top border

Please note, not all links may be active. This site is a snapshot of an earlier time.

A Commitment Problem

Dan Stillman @ 11:05 PM



Today: Pretty much a carbon copy of yesterday. Hot and humid with highs 92-96.

Tomorrow: More of the same. Humid with temps climbing once again into the low-to-mid 90s.

The next change of pace comes on Friday when a cold front sweeps through. Temps may reach the low 90s ahead of the front, which will likely trigger showers and thunderstorms.

There's some question whether the front will stall out and give us increased chances of showers and storms over the weekend, or whether high pressure will shield us from the precip. I think the most likely scenario for Saturday and Sunday is high temps in the mid-to-upper 80s and a 30 percent chance of showers or storms, but no washouts.

Stay tuned for updates on the weekend forecast.

Has anyone noticed the confidence crisis meteorologists are having this week? I knew something was up when I saw a forecast for "hit-or-miss" thunderstorms (I'll take "miss," thank you) and a prediction of temperatures "approaching" 90 degrees (you always want to sneak up on 90 with caution of course).

At first I thought this indecisiveness was just happening here in Washington. But as I looked at weather forecasts around the country, it became clear the problem was more widespread. One forecast covered all its bases with "intervals of clouds and sun," while the next called for a chance of rain "after midnight," as if that's a magic hour after which it doesn't matter what time it rains exactly.

It was quickly becoming apparent to me that forecasters everywhere were afraid to take a stand. I had to find out what was going on. After a period of intense research, which some people might call "Web surfing," I discovered that hundreds of the country's top weather experts have descended on the nation's capital this week for three conferences -- the 21st Conference on Weather Analysis and Forecasting, the 17th Conference on Numerical Weather Prediction and the 34th Conference on Broadcast Meteorology -- being held simultaneously all at the same hotel.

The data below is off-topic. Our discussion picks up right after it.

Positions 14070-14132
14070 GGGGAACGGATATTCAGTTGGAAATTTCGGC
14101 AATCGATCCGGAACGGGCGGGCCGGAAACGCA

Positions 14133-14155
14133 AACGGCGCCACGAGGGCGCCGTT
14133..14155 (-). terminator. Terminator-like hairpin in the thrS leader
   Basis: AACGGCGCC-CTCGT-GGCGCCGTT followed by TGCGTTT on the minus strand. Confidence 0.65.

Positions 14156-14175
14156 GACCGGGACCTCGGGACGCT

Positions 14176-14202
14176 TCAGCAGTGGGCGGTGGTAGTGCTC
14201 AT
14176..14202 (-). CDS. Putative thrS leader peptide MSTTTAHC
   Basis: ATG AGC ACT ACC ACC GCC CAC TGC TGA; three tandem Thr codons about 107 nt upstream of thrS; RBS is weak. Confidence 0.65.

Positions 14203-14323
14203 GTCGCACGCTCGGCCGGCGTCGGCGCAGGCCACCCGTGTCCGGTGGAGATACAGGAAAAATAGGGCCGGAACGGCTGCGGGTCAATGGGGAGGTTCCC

Everyone who's anyone in the world of meteorology is attending one or more of these meetings. This is like the State of the Union for weather wonks -- all the top weather gurus in the same place at the same time. What if, God forbid, something terrible happened and all of them were wiped out? You have to hope that at least a few are meeting separately at an undisclosed location.

So it all makes perfect sense now. While our most trusted prognosticators are attending conference sessions titled "A Perfect Smog Storm" and "Put Some Meteors in Your Meteorology," it's been up to the second-stringers -- the morning crew, the weekend shift -- to pick up the slack. And let me tell you, these wishy-washy back-ups are totally lost. Everything's a "chance" of this or a "possibility" of that. When words can't express their uncertainty, they've resorted to graphics like this, or even worse, this.

I could rant all day, but I need to concentrate on deciding whether to take an umbrella to work. I read somewhere that it's supposed to be "partly cloudy with a 50 percent chance of rain," which as far as I can tell means there's an equal chance it'll be partly sunny with no rain at all. See what I mean. These weather rookies don't have a clue what's going on.

I'm sure everything will be better once the veterans return next week.

Comments are closed for this archived entry | Link | email post Email this post